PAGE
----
Sept/Oct ’88 cover of JazzNews International,
Interview with legendary jazz guitarist John McLaughlin, by Jim Connolly
I was a very fledgling photographer, hence the book title’s double meaning. Of course, the title is also a nod to Miles Davis’s landmark 1959 recording Kind of Blue. To wit, Miles features quite a lot. Indeed, the book chronicles this particular photographer’s ‘adventures’ in trying to capture the legendarily coy trumpeter. With only about twenty minutes to get all your shots in, in the special stage-side section press photographers were ushered into, you had your work cut out for you to get in any half-decent shots at all. And back in the day, we’re talking analogue, so 36 shots per roll, which had to be rewound and replaced in the camera’s body –a very fiddly business, especially with the likes of Miles Davis wandering about willy-nilly. You had to carry two cameras at least, both loaded, and just hope and pray you weren’t caught short. I was, often. Indeed, I recall others, those who did this kind of thing as their bread-and-butter work, also having their moments. I would sometimes be asked: ‘Man, you gotta a spare roll?’ In the book, I relate one particular moment when I’d just ran out of film and yet there he was, Miles Davis, Mr Kind of Blue himself, progenitor of so many kinds of jazz, ambling over in my direction. And yet, I’d just snapped off two rolls of 36! What could I do? The tale is told within the pages of Kind of Green…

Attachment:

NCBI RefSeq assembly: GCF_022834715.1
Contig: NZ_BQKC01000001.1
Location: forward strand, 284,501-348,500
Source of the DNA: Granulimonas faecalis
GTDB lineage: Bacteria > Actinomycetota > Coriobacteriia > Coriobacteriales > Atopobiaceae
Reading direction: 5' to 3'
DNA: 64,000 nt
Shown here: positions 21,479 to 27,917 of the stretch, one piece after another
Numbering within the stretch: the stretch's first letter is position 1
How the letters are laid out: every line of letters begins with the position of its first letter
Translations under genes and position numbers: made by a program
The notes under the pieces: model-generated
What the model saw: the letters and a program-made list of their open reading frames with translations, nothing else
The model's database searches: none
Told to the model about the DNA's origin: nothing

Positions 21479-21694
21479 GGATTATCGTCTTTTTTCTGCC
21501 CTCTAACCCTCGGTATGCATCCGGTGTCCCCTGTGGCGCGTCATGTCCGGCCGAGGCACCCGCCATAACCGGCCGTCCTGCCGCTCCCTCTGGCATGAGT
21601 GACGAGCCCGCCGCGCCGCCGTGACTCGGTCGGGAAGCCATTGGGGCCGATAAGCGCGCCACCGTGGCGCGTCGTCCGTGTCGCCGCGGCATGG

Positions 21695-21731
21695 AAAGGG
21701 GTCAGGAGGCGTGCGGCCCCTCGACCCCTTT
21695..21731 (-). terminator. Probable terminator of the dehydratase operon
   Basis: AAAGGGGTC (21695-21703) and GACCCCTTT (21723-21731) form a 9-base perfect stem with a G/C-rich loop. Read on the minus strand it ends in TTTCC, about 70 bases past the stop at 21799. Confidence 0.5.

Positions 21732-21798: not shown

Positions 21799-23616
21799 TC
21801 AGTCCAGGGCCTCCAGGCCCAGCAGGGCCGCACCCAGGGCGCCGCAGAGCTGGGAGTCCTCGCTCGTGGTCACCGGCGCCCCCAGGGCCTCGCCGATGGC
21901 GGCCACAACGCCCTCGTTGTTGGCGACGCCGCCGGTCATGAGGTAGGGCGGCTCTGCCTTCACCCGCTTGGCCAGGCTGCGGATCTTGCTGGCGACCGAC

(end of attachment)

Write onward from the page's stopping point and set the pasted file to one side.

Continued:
Original photo of Miles Davis, Martin Connolly